Policies & Procedures


Section: ACT
Part: POL
Statement No.: 5.0
Date: 05/28/14
University of North Carolina - General Administration
Administrative Policies and Procedures Manual
Title: Escheat Funds


1.             An escheat is the succession of abandoned property to the State. It is not a tax. It results from the failure of a person legally entitled to the property to make a valid claim against the holder of the property within a prescribed period of time. Property is also escheated from the estate of a person dying intestate or partially intestate without any known or discoverable heirs.


2.             The payment of any moneys, or the transfer of any property to the Escheat Fund under the provisions of Chapter 116B by any person, firm, association, corporation or organization, or any local government, state or federal official or agency relieves it of any further liability for the escheat action (G.S. 116B-32). Any moneys escheated since July 1, 1971, which are claimed by the rightful owner will be refunded by the State Treasurer.


3.             The primary purpose of the Escheat program is to provide a means by which abandoned property can be brought under the control of the State and converted to the benefit of the people of North Carolina.  The State Treasurer invests the escheated moneys in the same manner that the State retirement funds are invested. The income derived from this investment is distributed annually to the State Education Assistance Authority to be used to make loans to worthy and needy North Carolina resident students who are enrolled in State public institutions offering post-secondary education (G. S. 116-36).


4.             Real or personal property which escheats under North Carolina law is liquidated and is placed in the Escheat Fund along with all other moneys collected or earned. The escheated principal is held in trust for the rightful owners who may receive same upon the presentation of properly documented claims [G.S. 116B-38(a)].


5.             Property belonging to residents of the State, both tangible and intangible, which is unclaimed or abandoned is to be escheated and placed under the control of the State.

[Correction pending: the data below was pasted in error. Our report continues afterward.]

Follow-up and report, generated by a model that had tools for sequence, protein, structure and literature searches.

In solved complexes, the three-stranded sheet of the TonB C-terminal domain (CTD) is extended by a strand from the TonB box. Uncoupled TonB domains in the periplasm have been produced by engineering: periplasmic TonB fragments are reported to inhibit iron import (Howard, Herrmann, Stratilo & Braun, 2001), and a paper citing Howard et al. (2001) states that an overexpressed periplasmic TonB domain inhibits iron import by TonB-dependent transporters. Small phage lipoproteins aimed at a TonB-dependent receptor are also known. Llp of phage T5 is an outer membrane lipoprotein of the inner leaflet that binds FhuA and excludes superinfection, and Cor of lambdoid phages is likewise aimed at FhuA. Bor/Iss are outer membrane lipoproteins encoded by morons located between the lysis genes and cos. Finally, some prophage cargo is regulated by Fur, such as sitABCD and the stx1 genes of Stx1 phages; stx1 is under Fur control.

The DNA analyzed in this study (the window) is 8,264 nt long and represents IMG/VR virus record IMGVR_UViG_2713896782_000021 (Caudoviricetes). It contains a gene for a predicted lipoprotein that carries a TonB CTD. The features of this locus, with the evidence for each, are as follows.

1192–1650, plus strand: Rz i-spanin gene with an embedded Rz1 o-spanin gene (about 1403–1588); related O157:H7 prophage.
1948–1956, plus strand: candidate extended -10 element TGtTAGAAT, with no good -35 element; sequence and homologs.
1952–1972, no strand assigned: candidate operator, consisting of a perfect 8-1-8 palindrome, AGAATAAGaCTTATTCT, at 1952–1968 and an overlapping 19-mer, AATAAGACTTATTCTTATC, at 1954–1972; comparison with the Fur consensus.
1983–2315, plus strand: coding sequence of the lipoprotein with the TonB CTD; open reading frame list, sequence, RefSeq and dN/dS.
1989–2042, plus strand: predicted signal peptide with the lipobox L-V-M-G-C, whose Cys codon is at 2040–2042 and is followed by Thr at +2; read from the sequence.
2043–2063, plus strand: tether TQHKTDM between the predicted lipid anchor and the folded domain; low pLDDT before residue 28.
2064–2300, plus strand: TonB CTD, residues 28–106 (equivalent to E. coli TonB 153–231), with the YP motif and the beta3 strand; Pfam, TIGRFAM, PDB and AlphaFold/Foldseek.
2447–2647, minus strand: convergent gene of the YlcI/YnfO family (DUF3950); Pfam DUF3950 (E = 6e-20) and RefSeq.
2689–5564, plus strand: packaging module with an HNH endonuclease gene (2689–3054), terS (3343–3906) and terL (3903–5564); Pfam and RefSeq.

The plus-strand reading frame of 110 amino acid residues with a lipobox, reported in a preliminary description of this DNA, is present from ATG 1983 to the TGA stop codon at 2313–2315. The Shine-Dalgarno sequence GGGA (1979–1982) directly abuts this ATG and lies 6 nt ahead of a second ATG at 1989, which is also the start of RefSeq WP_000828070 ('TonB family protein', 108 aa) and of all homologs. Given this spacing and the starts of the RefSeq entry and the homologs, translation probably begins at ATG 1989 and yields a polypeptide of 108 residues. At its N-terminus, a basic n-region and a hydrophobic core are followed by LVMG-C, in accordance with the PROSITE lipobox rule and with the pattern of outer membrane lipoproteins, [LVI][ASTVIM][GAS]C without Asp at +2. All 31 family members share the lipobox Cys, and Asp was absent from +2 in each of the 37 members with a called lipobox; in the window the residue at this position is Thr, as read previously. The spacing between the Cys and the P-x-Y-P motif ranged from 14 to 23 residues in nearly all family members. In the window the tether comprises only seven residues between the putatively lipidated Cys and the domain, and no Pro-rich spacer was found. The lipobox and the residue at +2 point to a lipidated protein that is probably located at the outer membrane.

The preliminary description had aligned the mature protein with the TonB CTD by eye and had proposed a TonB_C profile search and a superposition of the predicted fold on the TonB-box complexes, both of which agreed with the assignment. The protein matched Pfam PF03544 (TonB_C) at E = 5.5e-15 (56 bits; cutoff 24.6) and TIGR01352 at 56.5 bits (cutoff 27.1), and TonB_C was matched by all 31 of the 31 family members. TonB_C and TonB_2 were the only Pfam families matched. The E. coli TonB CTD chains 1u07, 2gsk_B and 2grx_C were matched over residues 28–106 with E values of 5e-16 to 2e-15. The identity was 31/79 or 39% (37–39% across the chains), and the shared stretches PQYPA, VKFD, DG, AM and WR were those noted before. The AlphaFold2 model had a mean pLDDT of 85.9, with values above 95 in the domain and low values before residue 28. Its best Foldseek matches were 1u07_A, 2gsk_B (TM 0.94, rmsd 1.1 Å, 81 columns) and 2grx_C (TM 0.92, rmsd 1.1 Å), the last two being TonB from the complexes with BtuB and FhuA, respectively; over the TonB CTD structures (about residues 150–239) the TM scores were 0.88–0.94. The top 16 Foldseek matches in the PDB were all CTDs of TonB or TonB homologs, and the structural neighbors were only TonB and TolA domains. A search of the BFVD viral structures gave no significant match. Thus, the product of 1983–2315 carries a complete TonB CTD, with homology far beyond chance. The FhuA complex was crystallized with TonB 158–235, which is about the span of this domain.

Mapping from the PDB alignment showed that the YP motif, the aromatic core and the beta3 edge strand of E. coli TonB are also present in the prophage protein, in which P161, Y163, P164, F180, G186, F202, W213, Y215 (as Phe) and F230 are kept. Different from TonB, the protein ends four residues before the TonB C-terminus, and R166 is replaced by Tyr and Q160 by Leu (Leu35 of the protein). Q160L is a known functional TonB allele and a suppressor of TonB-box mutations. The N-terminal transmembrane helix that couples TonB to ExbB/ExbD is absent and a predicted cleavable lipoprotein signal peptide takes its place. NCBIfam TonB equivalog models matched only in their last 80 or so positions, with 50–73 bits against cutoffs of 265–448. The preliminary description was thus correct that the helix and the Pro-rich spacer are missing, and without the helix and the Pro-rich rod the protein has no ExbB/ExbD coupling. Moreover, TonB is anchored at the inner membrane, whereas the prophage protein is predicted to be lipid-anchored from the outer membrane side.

6.             The period of time which the holder must retain the property in dormant custody varies with the classification of the property; however, the dormant custodial period for uncashed checks is one year.. Beginning November 1, 2001, holders will be reporting property deemed escheatable as of June 30, 2001 using the “new” dormancy holding period stated above. The period of dormancy begins when property (1) is not claimed at the time it becomes due and payable, or (2) when owner initiated activity in an account ceases, or (3) when no personal interest is evident on the part of the owner.  Please see the Report Conversion Table - exhibit EXH 5.0 1of 1.


7.             Attempts must be made on or before August 15, to notify each owner at the last known address that his property, worth $50.00 or more, became escheatable on the previous June 30 and will escheat to the State of North Carolina unless claimed.


8.             The Escheat Report (ASD-21), that is used for reporting eligible unclaimed and abandoned property to the State of North Carolina, must be filed with the Escheat Office of the Department of State Treasurer on or before  November 1. The report, along with total remittance, should give an accounting of all escheated property due as of the previous June 30. Negative reports should be signed at the bottom of the form and submitted.


9.             An application for a refund may be filed with the State Treasurer's Office at any time after funds or property has escheated. The claim should be made by the rightful owner, his legal representative, or for him by the person or institution who escheated the funds. Proper identification and documentation to support the claim will be required in each case.


10.          The claim shall be made on a form prescribed by the State Treasurer. If the State Treasurer determines that the claimant is entitled to all or a portion of the escheated property or the proceeds from its sale, he shall make payment of the claim [G.S. 116B-38(a)].


11.          Property Due Other States – In most cases unclaimed property should be reported to the state of the last known address of the owner (entitled state) utilizing that state’s dormancy period. Certain types of property such as traveler’s checks and money orders are reported to the state in which they were purchased. In a situation where the owner’s address is unknown, the property is due to the state where the holder is incorporated. While North Carolina has reciprocal and exchange agreements with various states, holders are encouraged to ONLY report to North Carolina those properties for which it is entitled or incidental property. Incidental property is ten or fewer properties, totaling $1,000 or less, which are entitled to a state other than North Carolina.  


                Please note - Due to law changes, any property owing to owners with a last known address in California must be reported directly to California no matter how many names or value.